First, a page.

What do you do when you’re accustomed to a plethora of online teaching tools and then find yourself much more limited in budget and options? You look for possibilities that are similar and free. My last month’s move from one public state university to another made that a reality for me.
Working at Northern Kentucky University last year provided a great opportunity for me to work with such online teaching tools as Blackboard Collaborate web conferencing and voice authoring and McGraw-Hill’s Tegrity lecture capture. Eastern Kentucky University, which I moved to in December, does not yet possess nearly that same level of educational technology resources embedded into its Blackboard system, so looking for alternatives is essential.
Of particular interest is an alternative to the Blackboard Collaborate (formerly Wimba) voice tools, which enable instructors and students alike to create short audio clips in Blackboard discussion board forums, blogs, items, announcements, and anywhere else the text editor appears. Blackboard Collaborate voice tools, which can be used on devices that use Java (i.e., on PCs and Macs but not tablet devices), are quite amazing in their ability to make student-to-student, student-to-instructor, and instructor-to-student interactions come alive. Unfortunately, Collaborate is a suite that costs premium dollars, and many colleges and universities (EKU included) simply cannot afford it.
This past week I did some research to see if there were any free or open-source alternatives to Collaborate voice tools. After a bit of searching, I found information on a free, open-source tool: Nanogong. This resource was developed as part of The Gong Project, a “free system for voice communication on the Web.” The options of the voice tool are similar to those of Collaborate voice authoring, including recording short audio clips and then saving to the course content or to one’s own computer. Even the interface of the audio recorder, though a bit “rougher” in appearance, is comfortably similar to the Collaborate voice authoring recorder.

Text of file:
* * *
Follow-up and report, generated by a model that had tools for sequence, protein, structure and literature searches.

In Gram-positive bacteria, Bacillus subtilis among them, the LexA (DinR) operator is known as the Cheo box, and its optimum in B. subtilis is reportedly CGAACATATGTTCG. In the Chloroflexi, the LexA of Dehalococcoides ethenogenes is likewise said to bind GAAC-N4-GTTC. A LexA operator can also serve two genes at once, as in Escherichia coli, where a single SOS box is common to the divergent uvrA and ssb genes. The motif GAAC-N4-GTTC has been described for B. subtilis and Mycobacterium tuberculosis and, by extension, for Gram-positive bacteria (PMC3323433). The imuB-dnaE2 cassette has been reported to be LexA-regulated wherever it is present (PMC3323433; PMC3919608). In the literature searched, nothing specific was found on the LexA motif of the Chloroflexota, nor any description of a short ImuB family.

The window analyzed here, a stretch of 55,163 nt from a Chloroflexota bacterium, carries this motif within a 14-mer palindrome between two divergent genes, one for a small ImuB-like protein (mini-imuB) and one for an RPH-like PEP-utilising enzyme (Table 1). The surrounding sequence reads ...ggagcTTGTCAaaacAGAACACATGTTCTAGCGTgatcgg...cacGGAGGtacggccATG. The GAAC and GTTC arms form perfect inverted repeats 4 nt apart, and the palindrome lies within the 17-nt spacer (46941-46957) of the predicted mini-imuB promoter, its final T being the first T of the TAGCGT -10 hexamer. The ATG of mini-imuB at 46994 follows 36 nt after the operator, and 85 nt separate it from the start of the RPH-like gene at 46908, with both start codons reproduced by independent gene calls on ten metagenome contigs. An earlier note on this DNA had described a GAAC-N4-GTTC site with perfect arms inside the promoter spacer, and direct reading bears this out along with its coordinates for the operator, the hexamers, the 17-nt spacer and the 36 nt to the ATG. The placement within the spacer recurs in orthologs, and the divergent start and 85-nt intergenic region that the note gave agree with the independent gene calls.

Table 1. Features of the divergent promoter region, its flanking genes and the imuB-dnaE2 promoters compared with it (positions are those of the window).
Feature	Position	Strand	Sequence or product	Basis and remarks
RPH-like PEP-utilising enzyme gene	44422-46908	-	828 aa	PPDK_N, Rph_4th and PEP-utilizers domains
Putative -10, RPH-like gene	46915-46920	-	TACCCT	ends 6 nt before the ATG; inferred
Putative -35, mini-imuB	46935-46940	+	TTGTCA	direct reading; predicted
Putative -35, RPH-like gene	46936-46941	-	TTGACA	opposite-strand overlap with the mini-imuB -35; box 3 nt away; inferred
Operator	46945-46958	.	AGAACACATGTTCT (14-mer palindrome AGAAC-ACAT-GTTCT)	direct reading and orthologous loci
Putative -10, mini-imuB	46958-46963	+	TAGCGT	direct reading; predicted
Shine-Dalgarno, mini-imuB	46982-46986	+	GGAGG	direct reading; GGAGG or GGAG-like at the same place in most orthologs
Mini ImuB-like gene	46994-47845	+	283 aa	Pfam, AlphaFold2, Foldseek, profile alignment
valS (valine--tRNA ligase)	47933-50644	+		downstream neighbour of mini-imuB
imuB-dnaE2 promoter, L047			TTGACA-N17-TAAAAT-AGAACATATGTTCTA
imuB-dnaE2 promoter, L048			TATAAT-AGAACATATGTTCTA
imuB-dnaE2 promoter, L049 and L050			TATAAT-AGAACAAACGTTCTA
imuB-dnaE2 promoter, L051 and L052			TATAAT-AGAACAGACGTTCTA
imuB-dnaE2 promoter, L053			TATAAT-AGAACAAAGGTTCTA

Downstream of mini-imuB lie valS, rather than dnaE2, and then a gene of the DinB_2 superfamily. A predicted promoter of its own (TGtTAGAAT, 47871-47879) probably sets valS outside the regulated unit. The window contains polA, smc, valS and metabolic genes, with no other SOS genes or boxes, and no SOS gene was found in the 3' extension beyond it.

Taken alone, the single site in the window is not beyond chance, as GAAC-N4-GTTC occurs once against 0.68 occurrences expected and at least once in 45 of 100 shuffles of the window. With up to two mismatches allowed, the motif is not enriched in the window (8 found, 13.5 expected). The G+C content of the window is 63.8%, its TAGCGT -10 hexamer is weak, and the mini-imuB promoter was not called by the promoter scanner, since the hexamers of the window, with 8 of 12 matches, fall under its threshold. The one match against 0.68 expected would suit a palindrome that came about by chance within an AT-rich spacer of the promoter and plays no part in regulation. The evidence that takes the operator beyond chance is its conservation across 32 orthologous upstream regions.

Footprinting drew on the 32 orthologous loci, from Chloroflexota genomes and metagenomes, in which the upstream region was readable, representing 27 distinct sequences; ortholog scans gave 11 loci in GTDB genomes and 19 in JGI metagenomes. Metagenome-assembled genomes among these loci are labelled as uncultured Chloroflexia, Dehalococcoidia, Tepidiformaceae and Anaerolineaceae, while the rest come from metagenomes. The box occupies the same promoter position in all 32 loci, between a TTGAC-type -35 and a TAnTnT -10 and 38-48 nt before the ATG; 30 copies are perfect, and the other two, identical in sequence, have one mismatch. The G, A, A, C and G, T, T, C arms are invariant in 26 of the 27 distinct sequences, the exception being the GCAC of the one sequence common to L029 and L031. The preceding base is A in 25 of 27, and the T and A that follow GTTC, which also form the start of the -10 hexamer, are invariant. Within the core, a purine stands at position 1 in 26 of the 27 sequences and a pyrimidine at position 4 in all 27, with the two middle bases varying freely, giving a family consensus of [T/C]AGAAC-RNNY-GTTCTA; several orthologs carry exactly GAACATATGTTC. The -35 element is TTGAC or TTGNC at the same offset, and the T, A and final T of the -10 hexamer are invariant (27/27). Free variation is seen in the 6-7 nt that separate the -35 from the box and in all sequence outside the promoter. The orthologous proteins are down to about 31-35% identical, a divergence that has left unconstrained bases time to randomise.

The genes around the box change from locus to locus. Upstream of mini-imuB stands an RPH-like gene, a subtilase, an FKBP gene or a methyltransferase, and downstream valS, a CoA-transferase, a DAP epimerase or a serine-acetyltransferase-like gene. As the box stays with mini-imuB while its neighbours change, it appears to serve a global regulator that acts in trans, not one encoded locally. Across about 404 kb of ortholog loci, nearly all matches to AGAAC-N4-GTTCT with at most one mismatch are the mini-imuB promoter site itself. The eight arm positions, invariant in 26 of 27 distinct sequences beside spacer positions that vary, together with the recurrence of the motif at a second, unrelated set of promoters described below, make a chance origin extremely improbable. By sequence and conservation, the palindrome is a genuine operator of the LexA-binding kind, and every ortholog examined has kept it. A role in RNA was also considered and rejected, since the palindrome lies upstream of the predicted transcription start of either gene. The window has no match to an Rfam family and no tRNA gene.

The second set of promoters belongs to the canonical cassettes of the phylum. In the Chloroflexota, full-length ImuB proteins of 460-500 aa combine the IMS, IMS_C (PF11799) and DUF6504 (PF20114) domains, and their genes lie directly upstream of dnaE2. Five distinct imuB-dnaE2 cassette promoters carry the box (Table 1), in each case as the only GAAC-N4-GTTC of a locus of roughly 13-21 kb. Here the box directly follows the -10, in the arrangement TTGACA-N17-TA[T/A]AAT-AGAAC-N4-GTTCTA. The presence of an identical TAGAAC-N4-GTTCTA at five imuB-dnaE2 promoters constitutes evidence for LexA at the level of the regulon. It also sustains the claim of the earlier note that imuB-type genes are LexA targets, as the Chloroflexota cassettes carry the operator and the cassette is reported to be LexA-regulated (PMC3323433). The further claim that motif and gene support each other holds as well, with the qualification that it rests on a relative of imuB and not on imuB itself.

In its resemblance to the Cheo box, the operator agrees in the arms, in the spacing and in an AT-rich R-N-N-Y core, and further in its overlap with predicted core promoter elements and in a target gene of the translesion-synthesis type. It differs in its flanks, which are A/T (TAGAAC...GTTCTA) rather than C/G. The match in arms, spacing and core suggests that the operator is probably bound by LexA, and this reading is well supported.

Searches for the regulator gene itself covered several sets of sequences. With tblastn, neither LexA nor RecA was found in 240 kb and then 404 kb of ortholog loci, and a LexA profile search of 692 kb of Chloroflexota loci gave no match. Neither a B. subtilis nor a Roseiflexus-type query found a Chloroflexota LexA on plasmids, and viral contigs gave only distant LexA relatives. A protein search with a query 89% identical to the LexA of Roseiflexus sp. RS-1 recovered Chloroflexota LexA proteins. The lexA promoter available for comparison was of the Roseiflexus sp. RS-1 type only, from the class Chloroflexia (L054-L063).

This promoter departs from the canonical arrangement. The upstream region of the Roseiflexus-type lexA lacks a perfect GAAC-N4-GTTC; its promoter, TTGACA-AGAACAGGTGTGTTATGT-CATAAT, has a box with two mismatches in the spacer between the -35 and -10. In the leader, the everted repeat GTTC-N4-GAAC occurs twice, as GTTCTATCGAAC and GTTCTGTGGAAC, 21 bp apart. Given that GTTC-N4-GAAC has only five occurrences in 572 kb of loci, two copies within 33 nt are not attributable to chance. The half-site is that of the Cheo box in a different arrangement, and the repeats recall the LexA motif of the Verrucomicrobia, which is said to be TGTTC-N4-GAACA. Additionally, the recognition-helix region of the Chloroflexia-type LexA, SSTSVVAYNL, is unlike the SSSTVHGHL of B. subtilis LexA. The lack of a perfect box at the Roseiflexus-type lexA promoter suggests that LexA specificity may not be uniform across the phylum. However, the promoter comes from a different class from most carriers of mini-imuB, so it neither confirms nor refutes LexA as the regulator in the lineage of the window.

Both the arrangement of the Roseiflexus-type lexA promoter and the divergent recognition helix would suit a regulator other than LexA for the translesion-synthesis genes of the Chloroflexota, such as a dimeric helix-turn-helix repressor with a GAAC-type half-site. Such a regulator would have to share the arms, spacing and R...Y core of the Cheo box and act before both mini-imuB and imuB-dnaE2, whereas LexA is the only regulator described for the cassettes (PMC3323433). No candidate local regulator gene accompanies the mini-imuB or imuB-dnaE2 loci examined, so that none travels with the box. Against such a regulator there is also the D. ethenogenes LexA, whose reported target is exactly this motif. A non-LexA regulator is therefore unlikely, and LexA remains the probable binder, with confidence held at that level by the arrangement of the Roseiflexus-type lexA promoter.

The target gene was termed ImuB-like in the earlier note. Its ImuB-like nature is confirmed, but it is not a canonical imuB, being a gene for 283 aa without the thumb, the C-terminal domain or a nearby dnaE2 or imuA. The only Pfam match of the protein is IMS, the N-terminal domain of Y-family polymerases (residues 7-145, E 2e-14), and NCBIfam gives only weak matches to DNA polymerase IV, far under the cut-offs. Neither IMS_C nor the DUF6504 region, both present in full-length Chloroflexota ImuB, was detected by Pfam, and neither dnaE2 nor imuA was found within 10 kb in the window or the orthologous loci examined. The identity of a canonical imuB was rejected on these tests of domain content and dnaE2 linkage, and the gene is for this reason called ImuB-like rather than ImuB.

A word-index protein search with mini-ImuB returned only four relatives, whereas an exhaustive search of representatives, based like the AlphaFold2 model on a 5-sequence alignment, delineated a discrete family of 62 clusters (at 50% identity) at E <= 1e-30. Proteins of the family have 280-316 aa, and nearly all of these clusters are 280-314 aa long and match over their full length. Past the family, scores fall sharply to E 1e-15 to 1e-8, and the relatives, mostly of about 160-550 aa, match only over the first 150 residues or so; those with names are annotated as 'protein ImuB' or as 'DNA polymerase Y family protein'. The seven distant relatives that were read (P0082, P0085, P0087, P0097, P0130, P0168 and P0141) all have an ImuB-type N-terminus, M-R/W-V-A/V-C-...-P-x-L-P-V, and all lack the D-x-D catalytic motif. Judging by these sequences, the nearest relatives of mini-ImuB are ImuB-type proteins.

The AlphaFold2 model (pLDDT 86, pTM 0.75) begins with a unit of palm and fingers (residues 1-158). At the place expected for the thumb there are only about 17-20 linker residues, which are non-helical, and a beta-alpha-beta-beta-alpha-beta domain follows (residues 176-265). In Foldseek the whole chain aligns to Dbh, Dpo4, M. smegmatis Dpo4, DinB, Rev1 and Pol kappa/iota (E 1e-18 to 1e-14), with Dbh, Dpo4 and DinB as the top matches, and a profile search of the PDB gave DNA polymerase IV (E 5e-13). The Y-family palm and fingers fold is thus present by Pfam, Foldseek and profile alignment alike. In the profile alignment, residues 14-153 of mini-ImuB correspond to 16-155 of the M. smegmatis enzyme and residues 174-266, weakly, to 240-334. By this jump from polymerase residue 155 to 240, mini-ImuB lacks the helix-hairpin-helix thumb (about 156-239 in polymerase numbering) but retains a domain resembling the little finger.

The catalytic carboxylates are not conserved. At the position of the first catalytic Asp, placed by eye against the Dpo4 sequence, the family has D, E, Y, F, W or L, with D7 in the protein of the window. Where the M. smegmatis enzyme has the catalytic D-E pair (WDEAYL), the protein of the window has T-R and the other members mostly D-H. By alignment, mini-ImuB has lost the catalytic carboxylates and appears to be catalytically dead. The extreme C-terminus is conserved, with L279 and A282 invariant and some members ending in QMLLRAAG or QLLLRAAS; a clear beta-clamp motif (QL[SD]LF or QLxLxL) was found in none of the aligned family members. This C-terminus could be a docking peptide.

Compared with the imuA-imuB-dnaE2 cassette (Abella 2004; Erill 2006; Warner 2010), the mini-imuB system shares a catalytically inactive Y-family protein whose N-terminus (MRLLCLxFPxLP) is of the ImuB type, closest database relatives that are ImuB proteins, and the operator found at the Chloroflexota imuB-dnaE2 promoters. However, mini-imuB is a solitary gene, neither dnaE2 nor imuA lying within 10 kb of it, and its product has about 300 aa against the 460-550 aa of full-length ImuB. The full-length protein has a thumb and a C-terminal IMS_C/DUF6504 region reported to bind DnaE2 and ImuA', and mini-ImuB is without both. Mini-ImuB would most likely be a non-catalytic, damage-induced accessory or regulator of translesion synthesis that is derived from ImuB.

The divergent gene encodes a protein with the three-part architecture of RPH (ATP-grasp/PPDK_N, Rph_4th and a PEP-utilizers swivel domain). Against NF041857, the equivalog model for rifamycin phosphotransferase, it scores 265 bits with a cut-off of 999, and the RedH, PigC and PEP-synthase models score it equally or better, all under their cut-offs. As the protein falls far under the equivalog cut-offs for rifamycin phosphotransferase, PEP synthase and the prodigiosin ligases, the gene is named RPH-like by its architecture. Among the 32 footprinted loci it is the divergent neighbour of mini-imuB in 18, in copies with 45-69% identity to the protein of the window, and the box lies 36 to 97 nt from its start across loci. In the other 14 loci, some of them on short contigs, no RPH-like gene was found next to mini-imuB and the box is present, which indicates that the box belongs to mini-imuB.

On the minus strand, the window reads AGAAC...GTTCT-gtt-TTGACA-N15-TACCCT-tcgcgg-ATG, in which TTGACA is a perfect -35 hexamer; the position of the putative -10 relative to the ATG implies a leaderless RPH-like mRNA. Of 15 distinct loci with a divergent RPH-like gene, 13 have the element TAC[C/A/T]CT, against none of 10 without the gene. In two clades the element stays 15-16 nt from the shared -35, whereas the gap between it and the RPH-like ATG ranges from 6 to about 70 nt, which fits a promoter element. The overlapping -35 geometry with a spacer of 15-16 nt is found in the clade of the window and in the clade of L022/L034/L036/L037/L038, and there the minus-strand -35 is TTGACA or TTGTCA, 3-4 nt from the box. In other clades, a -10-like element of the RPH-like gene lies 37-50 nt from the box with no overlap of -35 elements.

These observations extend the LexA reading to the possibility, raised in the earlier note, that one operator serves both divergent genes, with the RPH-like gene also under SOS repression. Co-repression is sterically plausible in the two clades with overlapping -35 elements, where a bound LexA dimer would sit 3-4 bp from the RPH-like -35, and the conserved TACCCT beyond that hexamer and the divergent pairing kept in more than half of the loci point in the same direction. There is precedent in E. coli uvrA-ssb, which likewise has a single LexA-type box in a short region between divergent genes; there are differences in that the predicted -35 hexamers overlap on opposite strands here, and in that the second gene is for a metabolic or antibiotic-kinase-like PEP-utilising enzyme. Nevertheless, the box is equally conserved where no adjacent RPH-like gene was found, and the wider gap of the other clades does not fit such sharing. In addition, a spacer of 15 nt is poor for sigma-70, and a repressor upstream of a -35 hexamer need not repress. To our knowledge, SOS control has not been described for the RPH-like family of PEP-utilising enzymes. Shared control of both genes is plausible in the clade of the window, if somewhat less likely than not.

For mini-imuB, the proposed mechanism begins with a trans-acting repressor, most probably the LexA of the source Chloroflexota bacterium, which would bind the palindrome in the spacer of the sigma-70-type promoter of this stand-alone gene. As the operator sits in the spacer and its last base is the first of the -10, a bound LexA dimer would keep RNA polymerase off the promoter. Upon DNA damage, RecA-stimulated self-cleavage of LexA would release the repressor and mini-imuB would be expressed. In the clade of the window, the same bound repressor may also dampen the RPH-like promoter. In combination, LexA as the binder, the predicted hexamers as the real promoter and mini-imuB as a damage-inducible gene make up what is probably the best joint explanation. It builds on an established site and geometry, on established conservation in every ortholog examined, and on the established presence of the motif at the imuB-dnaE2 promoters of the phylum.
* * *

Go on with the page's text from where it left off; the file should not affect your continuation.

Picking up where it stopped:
The Nanogong website provides a download option for placing a recorder on a webpage, so that the tool might be used simply as an easily accessible means of recording a quick audio message. More important, however, is code for a plug-in to the Moodle LMS. I tested both download options—for a simple webpage and in a sample course in my Moodle webspace—and found the results highly successful.
Unfortunately for institutions that might like to use Nanogong within the Blackboard LMS, no installation package is available that is specific to Blackboard (the plug-in code provided is, as stated above, for the Moodle LMS). However, the website’s FAQs state that “it should not be a problem to integrate NanoGong with other LMS such as Blackboard and Sakai,” and users are invited to examine the PHP code of Nanogong to determine if they might implement the tool in their Blackboard sites. I have found information on one university’s use of Nanogong in Blackboard, so it obviously is “doable.” My questions now focus on how difficult this is and how much PHP expertise is necessary to do it. I have e-mailed the developers at the university that is using Nanogong within Blackboard in hopes that they may provide valuable input in this regard. If the response is positive, I plan to suggest to my superiors that our Blackboard team look into making this possible at EKU.
As much as I miss the access to so many Blackboard tools that made life “easier” last year, I have to admit that not having this access has its perks. Primarily, such limitations encourage my natural tendency to research open-source or free options and make recommendations to those who can implement such options.
If you as a reader have any experience implementing or using the Nanogong voice tool with Blackboard, please feel free to provide any input. I certainly can use your help!